. z Autogamy Self-compatibility was tested as soon as the original seedlings produced the first flowers by examining the arrival or not of pollen tubes at the ovary after self-pollination (data not shown). Sets after self
Renate Karle and Thomas H. Boyle
The effects of floral morphology and breeding behavior on flower longevity were investigated in Easter cactus [Hatiora ×graeseri (Werderm.) Barthlott)]. Four clones were studied: two diploid (n = 11) clones (`Evita' and `Purple Pride') that were highly self-incompatible (SI), and two cytochimeras (diploid epidermis and tetraploid subepidermis) that were recovered from the diploid cultivars, both of which were self-compatible (SC). The clones exhibited differences in the stage of floral development in which autogamy commenced. Autogamy commenced on the day of anthesis in the two `Evita' clones and occurred ≈5 days after anthesis in the `Purple Pride' cytochimera. In the `Purple Pride' diploid clone, anthers and stigmatic lobes remained spatially separated during the period from anthesis to senescence. Examination of styles collected from senesced, undisturbed flowers showed that few pollen tubes traversed to the base of the styles for the two SI diploid clones, whereas large numbers of pollen tubes were present at the base of the styles for the two SC cytochimeras. Flower longevity for the `Evita' cytochimera was significantly less than for `Evita' diploid, but the diploid and cytochimeral clones of `Purple Pride' exhibited similar flower longevities. Application of 2 mm silver thiosulfate, an inhibitor of ethylene (C2H4) action, did not affect flower longevity of `Evita' cytochimera. Our results show that flower longevity in Easter cactus is influenced by breeding behavior and the stage of floral development at which autogamy commences.
Thomas M. Gradziel and Dale E. Kester
Breeding lines have been developed incorporating introgressed genes from three native almond species Prunus fenzliana, Prunus webbii and Prunus argentea. Selected traits include self-fertility and autogamy, late bloom, smaller tree size, early nut maturity, improved cropping potential, and a well-sealed shell (endocarp) with high kernel/shell crack-out percentages. Fertility barriers, while present were easily overcome though linkage to introgressed genes with undesirable phenotypes remains an important obstacle to commercial use. Current breeding results, however, support a general conclusion that the wide diversity present within the range of species related to the cultivated almond (Prunus dulcis) provides an valuable gene pool for variety improvement.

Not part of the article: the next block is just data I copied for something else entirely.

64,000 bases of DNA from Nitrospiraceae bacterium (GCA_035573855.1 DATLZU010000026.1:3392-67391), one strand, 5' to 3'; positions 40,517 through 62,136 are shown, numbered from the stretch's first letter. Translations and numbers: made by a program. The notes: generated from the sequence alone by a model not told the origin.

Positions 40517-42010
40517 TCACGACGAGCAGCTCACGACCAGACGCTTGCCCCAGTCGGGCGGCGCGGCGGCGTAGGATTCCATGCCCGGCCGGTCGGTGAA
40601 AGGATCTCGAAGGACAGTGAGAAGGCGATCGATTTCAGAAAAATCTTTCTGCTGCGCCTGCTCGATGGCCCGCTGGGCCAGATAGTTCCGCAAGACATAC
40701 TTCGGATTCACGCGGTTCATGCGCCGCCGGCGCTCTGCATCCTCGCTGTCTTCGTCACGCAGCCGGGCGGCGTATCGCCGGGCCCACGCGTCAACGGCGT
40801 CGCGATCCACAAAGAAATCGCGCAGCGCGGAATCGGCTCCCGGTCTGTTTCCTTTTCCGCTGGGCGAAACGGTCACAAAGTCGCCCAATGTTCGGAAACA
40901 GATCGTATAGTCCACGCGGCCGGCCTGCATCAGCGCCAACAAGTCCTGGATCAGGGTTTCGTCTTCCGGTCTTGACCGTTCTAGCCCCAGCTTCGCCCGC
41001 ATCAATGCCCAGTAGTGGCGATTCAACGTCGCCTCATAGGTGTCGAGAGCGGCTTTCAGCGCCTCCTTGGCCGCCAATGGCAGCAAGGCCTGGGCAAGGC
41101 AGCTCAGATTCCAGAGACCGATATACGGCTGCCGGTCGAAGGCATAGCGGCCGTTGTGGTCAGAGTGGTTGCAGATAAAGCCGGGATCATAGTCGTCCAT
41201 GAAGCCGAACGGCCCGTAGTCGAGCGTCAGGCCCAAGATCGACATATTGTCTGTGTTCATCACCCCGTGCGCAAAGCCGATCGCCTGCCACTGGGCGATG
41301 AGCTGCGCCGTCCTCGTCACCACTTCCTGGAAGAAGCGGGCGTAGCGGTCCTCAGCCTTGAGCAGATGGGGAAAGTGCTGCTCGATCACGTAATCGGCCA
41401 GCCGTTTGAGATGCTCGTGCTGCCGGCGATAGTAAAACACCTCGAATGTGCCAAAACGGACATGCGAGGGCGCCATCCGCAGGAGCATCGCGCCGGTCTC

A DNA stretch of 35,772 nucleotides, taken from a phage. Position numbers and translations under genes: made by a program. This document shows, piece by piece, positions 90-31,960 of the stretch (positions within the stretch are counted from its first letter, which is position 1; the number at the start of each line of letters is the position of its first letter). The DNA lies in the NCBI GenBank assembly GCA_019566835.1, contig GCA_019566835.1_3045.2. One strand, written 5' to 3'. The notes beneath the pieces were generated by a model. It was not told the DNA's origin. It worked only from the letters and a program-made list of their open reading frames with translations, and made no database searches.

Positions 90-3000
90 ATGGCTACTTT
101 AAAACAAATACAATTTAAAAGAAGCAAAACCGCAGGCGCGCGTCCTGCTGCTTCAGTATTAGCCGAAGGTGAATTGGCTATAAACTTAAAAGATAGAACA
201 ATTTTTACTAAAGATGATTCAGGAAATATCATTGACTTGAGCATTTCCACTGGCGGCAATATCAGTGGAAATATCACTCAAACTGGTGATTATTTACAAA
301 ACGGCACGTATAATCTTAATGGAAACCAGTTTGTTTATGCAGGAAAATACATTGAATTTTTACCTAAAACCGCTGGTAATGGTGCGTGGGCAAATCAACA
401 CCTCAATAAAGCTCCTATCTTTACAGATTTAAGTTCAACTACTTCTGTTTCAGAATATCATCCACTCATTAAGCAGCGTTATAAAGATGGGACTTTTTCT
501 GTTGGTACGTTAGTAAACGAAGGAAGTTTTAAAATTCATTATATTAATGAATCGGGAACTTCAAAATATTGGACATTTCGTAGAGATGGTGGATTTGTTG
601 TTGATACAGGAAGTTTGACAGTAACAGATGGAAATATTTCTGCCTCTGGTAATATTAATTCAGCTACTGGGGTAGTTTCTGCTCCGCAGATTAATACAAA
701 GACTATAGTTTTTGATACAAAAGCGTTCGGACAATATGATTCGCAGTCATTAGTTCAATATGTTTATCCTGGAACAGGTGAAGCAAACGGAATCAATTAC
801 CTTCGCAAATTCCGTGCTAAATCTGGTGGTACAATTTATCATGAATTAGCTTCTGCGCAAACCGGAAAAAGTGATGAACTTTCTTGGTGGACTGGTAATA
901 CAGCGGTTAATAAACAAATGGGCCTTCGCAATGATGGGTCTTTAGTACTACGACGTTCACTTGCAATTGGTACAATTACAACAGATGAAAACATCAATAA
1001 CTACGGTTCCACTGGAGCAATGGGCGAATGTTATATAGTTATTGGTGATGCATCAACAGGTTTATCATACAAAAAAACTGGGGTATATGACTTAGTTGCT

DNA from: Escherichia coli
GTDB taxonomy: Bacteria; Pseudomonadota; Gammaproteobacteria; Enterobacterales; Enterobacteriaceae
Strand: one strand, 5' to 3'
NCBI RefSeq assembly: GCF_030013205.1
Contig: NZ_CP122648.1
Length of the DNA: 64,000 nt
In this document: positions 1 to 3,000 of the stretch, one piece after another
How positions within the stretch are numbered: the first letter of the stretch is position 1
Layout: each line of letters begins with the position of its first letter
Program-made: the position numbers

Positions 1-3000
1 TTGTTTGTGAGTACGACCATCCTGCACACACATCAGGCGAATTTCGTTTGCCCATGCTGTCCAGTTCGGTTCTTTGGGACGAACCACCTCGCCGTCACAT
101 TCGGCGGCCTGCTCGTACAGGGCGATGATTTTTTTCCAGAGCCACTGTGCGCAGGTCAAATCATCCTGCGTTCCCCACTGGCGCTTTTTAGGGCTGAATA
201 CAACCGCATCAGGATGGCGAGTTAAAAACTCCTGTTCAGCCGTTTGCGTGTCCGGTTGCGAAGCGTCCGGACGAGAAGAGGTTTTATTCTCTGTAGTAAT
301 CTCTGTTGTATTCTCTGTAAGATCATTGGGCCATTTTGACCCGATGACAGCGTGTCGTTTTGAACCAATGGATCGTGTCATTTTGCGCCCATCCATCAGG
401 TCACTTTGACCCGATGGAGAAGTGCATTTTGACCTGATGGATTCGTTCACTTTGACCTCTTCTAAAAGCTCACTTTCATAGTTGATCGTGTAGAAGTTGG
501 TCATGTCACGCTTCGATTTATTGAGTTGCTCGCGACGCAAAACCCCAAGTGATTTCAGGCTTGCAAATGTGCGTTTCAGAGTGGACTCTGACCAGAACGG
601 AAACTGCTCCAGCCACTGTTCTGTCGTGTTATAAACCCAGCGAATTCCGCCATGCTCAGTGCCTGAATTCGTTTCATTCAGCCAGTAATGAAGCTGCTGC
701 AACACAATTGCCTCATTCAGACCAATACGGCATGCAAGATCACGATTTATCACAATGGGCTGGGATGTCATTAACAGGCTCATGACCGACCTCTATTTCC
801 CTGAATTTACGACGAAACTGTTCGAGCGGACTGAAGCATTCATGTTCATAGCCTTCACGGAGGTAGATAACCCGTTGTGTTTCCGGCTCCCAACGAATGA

The seed producing system in viola (Viola ×cornuta) was investigated to improve seed yield and to save labor. In a flower five anthers sequentially dehisced; pollen grains were continuously supplied to the anterior petal, which played a significant role in pollination, throughout the flowering period. Evidence from pollen and ovule number suggests that the species is facultative autogamy. Each flower opened more than 10 days was independent of the success in fertilization and kept seed producing ability during the flower longevity period. Pollen grains also maintained viability during the flower longevity period. Pollinators were indispensable for pollination of viola, but pollination in viola was done by a different mechanism from the typical insect-mediated pollination that sticky pollen grains adhere to the exposed stigmas. Pollen grains, accumulated around the entrance of the stigmatic cavity, entered into the cavity by the movement of pollinators. Although the visitation of pollinators was occasional, solitary bees primarily contributed to the pollination of viola. On the other hand, germination of pollen grains on the stigmatic surface was under 50%. Seed set was much lower than the germination percentage of pollen grains. A viola flower had the ability for additional pollinations and fertilization for some days after the fertilization success in some ovules in the flower. This characteristic suggested that repeated pollination is effective to increase the number of mature seeds in a capsule.
Rafel Socias i Company, Àngel Fernández i Martí, Ossama Kodad, and José M. Alonso
similar fruit sets, which may not always be the case. Third, these fruit sets must reach the level of a commercial crop. From a horticultural point of view, there is a fourth requirement, because these fruit sets must be obtained by autogamy, and that is